- Story: Scott Snyder
- Art: Jock
- Colors: Matt Hollingsworth
- Letters: Clem Robbins
- Cover: Jock
- Publisher: Image Comics
Charlie is hell bent on finding his daughter. And considering that Sailor’s been kidnapped by terrifying monsters, that’s not going to be easy. After his run in with the bald woman and his with talk to the cops about what happened, Charlie has decided to listen to the words of the mysterious woman and has gone off to get some answers, kitchen knife in hand.
Meanwhile, Sailor has woken up underground atop a pile of children’s clothes. Fearing for her life, she tries to find her way out. The issue runs flashbacks between the two storylines, to a time when Charlie didn’t understand Sailor’s anxieties and pushed her a little too far. It involves a ferris-wheel and alcohol, two things that generally should not go together. We’re able to see how far both of them have come, but it may be too late. Who exactly is Charlie, anyway?
I was hoping that by the fourth issue we would have seen more of the wytches, but I can’t fault Snyder for building the suspense. Since this is only a six issue series, I know the climax is coming soon. I
just wish we got to see more about the wytches instead of just hearing so much about them. It’s a good sign that I am so invested in this series, despite that. I can’t wait to see what Snyder and Jock have in store once they bring out their titular monsters. The suspense may not be killing me, but it is definitely gnawing.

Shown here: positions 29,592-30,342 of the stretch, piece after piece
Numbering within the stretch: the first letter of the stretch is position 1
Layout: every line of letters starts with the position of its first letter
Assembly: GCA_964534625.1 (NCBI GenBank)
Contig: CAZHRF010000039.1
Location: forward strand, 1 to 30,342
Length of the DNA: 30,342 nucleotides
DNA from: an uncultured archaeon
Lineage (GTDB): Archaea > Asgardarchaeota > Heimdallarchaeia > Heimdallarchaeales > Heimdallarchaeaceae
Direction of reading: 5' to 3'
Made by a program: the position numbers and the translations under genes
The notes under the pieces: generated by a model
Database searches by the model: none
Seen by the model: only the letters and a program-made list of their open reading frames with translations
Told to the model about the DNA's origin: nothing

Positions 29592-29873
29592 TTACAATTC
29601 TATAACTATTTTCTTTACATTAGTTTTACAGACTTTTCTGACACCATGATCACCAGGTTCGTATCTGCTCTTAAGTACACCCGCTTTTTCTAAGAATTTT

Here’s the thing about Sailor and Charlie’s relationship: it’s far from perfect. We see that it hasn’t always been as good as it is now. Charlie still cared, but didn’t show it in the best way. Their flaws allow you to root for them against the evil they are facing. Wytches is not just about the monsters and the death, it’s about family.
Nothing about Jock’s art stood out to me this time around, unfortunately. It continues to be trippy and consistent but, like I said in my last review, I have grown tired of the paint splash effect on every page. It does have a haunting element, infusing the pages with a visual sense of horror that Snyder’s words may not be able to capture on their own. Together they are a solid team who continue to create a book that’s downright chilling.
With two issues left in the series, I’m glad we got to delve further into character relationships before the climatic appearance of the wytches. If I could brew a potion that could pour out the rest of this series I would be delighted, but since alchemy isn’t my strong suit I’ll just have to wait like everybody else!
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